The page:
Despite her relief she hated him then even more than before, for the easy way in which he handed his children over. He would have fought for his dogs harder. After all, his dogs were thoroughbreds. He'd paid good money for them. The children... well, as he said to her at the time, "I can always have more children."
The divorce went smoothly, and uncontested, through the courts. She got to keep her family, which was all that mattered to her. Once the final papers were signed she was able to breathe, and began the process of living. Her permits to work as a nurse did not come through, since her qualification was from El Salvador, and she didn't have the time or energy to chase it up. So she worked. Cleaned hotels, picked crops, washed dishes. A disposable worker in a disposable world.
She had her children, and that was all that mattered.
But yesterday... yesterday he had come to her with an offer. Sell him back her son, for money. He had decided, for whatever reason, that he wanted his son back. Mario, of course, because Mario was always his favourite. And he stood there, with a cheque in his hands, all smoothness and smarm, with that condescending smile on his face. Making her an offer, as though Mario was a commodity, to be bought and sold. He stood there expecting her to fold like she'd always done, expecting her to just take it.
And she said no. And he hit her, and she still said no. And he hit her again. And she ducked and ran, ran faster than she'd ever thought possible, straight to the Canadian Consulate. And he ran after her.
By the time he had run her to ground at an alley near the Consulate she had become nothing but a single point of fear, and she didn't even see Constable Fraser and his friend coming to her rescue. All she saw was the raised arm, the closed fist, and the rage in that man's eyes. She couldn't even scream...
They had arrived at the school gates. She smiled down at Mario, and he smiled back up. "Be good, Son, have a good day."
"You too, Momma." He didn't have to stand on tiptoe any more to give her a kiss. She kissed his forehead, full of pride in him. So many boys his age were ashamed of their mothers, didn't want to be seen with him. But she could always count on a kiss from her boy. Such a kind, such a loving child.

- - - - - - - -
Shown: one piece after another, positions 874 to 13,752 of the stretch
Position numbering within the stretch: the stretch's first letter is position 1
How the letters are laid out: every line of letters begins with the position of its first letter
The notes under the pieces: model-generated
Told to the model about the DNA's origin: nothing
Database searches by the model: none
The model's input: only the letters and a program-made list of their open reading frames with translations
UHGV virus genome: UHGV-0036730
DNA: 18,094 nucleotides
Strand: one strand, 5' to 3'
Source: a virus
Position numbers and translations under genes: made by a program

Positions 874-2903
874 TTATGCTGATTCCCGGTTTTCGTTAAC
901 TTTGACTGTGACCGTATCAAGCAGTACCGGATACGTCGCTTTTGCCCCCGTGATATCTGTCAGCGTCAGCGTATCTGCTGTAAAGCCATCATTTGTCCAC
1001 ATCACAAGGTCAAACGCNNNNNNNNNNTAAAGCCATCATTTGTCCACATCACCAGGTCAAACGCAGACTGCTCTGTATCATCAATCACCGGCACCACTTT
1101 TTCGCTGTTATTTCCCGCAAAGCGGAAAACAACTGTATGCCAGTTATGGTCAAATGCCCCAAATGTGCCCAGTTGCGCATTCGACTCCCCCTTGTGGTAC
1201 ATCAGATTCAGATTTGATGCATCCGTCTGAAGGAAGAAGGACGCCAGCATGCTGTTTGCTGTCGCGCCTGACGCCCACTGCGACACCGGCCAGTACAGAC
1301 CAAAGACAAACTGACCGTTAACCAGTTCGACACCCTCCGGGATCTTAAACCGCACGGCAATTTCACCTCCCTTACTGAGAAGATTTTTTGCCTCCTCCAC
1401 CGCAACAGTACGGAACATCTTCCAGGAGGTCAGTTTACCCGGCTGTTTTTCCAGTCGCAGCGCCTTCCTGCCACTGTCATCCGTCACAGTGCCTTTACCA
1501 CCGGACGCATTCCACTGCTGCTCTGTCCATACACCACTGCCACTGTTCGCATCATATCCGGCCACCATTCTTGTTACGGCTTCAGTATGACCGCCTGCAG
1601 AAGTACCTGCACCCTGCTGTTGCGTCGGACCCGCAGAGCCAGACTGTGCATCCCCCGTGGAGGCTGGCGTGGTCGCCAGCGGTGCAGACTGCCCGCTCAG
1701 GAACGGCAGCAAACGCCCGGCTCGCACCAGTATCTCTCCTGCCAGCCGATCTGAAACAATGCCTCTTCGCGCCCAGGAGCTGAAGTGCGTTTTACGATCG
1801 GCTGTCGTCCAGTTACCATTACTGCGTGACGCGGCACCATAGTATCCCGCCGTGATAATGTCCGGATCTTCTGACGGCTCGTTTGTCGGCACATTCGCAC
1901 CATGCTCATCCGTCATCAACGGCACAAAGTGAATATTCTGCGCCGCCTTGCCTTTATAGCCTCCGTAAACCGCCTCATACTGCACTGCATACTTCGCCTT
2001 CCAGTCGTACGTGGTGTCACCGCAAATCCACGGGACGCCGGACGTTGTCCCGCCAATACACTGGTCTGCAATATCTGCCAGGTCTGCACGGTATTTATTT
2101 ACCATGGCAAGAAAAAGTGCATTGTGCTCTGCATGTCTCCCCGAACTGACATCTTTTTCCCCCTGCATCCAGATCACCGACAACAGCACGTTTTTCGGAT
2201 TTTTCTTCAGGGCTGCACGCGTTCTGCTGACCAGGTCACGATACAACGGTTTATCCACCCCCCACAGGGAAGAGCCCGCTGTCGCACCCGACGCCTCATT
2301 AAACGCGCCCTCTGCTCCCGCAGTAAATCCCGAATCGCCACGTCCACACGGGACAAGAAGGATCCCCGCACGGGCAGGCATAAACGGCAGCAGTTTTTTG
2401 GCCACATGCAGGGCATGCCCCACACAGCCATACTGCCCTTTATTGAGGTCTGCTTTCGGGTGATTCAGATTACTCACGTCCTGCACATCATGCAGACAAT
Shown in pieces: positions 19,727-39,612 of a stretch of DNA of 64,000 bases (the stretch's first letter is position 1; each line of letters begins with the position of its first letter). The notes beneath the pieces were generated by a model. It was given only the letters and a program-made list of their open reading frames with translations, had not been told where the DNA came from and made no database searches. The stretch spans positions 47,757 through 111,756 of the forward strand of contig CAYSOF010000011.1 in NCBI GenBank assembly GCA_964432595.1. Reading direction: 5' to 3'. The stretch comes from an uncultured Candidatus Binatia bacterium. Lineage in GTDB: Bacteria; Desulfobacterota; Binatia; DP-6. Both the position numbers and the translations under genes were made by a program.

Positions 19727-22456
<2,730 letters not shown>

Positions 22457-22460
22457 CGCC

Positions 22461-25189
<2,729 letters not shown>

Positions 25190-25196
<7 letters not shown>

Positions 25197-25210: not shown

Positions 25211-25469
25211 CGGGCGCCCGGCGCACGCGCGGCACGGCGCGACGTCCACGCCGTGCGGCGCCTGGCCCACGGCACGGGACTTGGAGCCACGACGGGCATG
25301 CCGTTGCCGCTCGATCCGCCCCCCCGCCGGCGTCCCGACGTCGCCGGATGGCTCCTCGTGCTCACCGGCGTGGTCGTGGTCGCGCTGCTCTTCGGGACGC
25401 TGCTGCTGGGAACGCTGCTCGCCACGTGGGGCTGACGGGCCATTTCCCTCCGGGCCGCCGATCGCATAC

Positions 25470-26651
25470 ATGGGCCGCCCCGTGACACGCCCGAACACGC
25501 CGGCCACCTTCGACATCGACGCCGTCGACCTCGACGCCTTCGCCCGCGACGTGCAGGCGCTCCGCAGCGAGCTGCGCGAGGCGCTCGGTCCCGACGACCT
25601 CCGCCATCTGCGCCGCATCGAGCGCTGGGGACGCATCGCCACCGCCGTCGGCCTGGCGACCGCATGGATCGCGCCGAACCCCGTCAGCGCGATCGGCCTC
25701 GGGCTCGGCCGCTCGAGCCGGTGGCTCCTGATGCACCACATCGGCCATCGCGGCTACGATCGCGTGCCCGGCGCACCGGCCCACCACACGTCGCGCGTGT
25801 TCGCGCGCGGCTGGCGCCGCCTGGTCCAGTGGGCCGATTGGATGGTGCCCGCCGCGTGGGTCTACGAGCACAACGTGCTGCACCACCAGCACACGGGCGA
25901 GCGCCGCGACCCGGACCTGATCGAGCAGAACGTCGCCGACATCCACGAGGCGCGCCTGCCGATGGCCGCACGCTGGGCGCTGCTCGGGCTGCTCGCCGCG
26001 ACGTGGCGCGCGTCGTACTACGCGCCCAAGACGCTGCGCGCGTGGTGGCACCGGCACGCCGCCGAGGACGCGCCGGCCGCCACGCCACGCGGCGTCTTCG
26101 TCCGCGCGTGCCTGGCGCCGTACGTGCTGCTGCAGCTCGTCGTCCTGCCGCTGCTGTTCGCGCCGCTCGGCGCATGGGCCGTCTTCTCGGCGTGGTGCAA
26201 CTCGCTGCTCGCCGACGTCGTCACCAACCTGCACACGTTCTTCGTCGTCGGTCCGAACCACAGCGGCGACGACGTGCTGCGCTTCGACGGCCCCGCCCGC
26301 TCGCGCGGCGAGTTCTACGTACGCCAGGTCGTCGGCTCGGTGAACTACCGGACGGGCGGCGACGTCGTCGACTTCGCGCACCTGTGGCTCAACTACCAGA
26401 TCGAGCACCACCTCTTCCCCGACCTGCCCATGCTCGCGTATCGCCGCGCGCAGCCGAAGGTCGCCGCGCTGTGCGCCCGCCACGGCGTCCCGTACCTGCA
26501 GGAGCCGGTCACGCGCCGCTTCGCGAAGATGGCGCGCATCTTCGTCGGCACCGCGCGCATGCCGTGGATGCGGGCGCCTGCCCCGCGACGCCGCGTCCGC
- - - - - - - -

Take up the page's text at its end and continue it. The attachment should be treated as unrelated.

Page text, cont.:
Nothing like his father.
Her heart clutched with panic again, and she spoke a little bit too sharply. "Mario, remember to give that envelope to your teacher. Make sure she reads it." The letter warned the teachers not to let Mario leave with anyone other than herself.
"Yes, Momma." With a wave and a last smile he was through the gate, and safe. For the time being. The school would keep him safe.
With a deep breath she squared her shoulders. She had made her mind up. She was going to the Canadian Consulate, and would tell Benton everything. He had looked after them in the past, helped her and her children when nobody else would. He would know what to do.
"So, Detective, I hope you have a good excuse for being late, today of all days." Welsh walked around his desk, sat on it, and folded his arms. "Your partner needed some moral support today, and you weren't here. So, spill it. What was so important that you couldn't be here for your partner?"
"Sir, I'm sorry..." Ray looked apologetically between Fraser and the Lieutenant, "but I was, uh, I was doing some digging... and you know, it seems this guy isn't as clean cut as all that..."
"Oh?" Welsh perked up a little at that. "In what way?"
"Well, I just swung by Stell... my contact's office, and she had all this stuff laid out for me."
"I see," Welsh took the sheaf of papers, and started to rummage through them. He nodded appreciatively. "I see... Constable Fraser? You might find these interesting..."
Fraser took the papers, and promptly started arranging them neatly again, glancing over them as he did so. "I see," he said, then... "oh dear, I thought as much..."